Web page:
|Library||Email or Print this page|
By: Wilmington Trust
If you anticipate that the value of your residence will appreciate significantly in the years to come or if you would like to continue the legacy of your family’s multi-generation vacation house without having to worry about the impact of estate and gift taxes, establishing a Qualified Personal Residence Trust (QPRT) may provide a compelling solution.
The QPRT is a commonly used strategy that was created by Congress to facilitate the generational transfer of family residences by providing a tax-efficient way to transfer your residence to your heirs. The primary benefit of such a strategy is that the property is valued for gift tax purposes at the time the trust is created, and this amount is reduced by the value of your right to live in the house for a specified number of years. Furthermore, by transferring the property to your heirs now, the future appreciation is not subject to gift or estate tax later on.
How It Works...
Assume that a 65-year-old grantor contributes a $4 million residence to a 15-year Qualified Personal Residence Trust for her children.
For the next 15 years, the grantor continues to live in her house as she always has. 1 At the end of the fifteen year term, the residence would be transferred gift tax free to her children, who could choose to rent the residence back to their mother if they wish. The rent payments would have the further benefit of allowing the grantor to pass on more wealth to her children without incurring gift taxes.
Although the house is worth $4 million, the value for gift tax purposes would only be about $1.5 million because of the $2.5 million deduction for the value of the grantor's right to live in the house for the 15-year period. So, the grantor was able to keep the $4 million house in her family (worth perhaps $7.0 million at her death), but only incurred gift taxes based on a gift of $1.5 million. Such a plan could be expected to provide an estate tax savings of almost $3.0 million.2
Some very important considerations should be thoroughly explored with your advisors when determining whether a QPRT strategy is right for you:
When a QPRT is used as part of a comprehensive wealth transfer plan, it can help to minimize estate taxes by transferring your residence to your beneficiaries at a reduced value. However, the irrevocable decision whether to create a QPRT requires balancing potential tax savings with important personal considerations.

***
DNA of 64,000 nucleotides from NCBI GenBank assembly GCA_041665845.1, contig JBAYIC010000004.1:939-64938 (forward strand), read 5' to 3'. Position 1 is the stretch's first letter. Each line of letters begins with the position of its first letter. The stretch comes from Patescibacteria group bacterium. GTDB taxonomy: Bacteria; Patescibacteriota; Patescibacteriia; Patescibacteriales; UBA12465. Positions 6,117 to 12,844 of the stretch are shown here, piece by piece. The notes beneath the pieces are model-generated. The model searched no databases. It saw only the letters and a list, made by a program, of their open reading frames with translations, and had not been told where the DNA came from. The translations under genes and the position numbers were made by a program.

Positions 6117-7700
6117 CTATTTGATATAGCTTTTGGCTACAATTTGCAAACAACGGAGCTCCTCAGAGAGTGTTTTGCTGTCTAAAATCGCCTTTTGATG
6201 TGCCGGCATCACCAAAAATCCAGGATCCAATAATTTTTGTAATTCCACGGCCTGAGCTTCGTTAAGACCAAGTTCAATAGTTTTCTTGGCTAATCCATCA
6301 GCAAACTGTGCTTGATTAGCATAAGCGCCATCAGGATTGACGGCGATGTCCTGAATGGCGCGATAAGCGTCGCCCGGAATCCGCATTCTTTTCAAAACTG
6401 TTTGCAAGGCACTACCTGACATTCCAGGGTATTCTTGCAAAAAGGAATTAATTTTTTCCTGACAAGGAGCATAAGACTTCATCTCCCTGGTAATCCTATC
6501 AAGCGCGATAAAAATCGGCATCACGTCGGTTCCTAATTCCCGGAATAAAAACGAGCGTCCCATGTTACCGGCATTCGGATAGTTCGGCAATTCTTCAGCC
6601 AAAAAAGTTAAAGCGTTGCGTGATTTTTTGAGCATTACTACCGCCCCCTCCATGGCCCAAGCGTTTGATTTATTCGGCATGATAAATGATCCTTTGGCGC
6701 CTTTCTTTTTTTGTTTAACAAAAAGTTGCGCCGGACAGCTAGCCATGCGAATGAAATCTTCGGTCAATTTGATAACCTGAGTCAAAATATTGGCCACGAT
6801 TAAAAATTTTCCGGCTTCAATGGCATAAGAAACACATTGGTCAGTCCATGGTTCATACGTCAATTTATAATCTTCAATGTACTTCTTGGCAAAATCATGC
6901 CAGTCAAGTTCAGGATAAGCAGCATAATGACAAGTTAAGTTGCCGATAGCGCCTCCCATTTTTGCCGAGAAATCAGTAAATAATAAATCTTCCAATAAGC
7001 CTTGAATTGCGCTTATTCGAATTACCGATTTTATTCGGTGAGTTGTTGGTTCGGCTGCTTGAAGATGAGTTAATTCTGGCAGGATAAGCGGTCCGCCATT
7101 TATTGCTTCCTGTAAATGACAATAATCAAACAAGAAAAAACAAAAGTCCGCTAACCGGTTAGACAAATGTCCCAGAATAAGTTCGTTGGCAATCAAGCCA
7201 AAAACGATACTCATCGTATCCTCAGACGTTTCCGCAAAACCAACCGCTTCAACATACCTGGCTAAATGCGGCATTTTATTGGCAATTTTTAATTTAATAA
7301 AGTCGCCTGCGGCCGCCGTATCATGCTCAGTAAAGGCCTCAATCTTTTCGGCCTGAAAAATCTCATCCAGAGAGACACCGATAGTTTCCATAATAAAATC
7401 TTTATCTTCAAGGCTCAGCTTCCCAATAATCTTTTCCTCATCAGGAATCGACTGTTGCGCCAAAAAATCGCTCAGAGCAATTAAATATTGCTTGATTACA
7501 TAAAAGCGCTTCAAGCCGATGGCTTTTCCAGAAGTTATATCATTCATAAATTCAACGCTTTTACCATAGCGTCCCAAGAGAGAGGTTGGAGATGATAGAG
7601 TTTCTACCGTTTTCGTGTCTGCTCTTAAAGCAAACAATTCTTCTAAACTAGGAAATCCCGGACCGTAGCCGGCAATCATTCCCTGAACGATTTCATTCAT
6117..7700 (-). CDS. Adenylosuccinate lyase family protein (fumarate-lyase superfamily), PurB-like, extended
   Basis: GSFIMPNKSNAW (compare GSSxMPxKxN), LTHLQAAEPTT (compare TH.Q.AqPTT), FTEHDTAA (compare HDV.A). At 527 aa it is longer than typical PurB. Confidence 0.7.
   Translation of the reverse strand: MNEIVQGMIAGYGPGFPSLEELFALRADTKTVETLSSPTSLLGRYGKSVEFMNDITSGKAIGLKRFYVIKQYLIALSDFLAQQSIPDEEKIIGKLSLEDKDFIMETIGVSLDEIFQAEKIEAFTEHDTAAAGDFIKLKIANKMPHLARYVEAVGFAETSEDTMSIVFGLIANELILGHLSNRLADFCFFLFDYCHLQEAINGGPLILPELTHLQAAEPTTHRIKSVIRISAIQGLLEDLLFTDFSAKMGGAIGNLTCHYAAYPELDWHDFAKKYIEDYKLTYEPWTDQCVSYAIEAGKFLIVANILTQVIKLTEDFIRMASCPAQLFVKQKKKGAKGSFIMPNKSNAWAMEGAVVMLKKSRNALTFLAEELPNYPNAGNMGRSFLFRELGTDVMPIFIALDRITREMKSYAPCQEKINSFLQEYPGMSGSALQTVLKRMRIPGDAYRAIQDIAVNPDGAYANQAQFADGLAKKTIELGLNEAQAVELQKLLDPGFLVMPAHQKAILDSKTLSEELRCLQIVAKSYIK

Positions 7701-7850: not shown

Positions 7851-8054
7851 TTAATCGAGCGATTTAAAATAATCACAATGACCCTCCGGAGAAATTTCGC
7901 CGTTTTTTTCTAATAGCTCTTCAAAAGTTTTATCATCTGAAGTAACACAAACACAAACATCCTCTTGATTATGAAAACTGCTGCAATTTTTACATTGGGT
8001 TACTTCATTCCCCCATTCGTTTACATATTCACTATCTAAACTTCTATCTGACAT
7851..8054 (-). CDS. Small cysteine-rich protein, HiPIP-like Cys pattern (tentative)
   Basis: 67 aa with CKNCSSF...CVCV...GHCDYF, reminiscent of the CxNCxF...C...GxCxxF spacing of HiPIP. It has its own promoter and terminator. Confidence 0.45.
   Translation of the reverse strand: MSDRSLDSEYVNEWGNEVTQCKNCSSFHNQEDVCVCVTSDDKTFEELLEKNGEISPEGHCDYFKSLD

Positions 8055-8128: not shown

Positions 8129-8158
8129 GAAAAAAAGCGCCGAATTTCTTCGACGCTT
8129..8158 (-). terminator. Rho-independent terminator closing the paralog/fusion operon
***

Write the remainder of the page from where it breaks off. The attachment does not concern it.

1Note that payments for mortgage principal and capital improvements will most likely be considered taxable gifts to the trust beneficiaries. However, these gifts will be discounted based upon the number of years remaining in the trust term.
2 "NumberCruncher 2001" software was used for these calculations, based upon the following assumptions: life expectancy: 21 years; Internal Revenue Code §7520 rate: 6.20%; transfer date: August, 2006; 15-year term with reversion provision; after tax asset growth rate: 4%.
Updated: January 1, 2013
This article is for informational purposes only and is not intended as an offer or solicitation for the sale of any financial product or service or as a determination that any investment strategy is suitable for a specific investor. Investors should seek financial advice regarding the suitability of any investment strategy based on their objectives, financial situations, and particular needs. This article is not designed or intended to provide financial, tax, legal, accounting, or other professional advice since such advice always requires consideration of individual circumstances. If professional advice is needed, the services of a professional advisor should be sought.
© 2013 Wilmington Trust Corporation.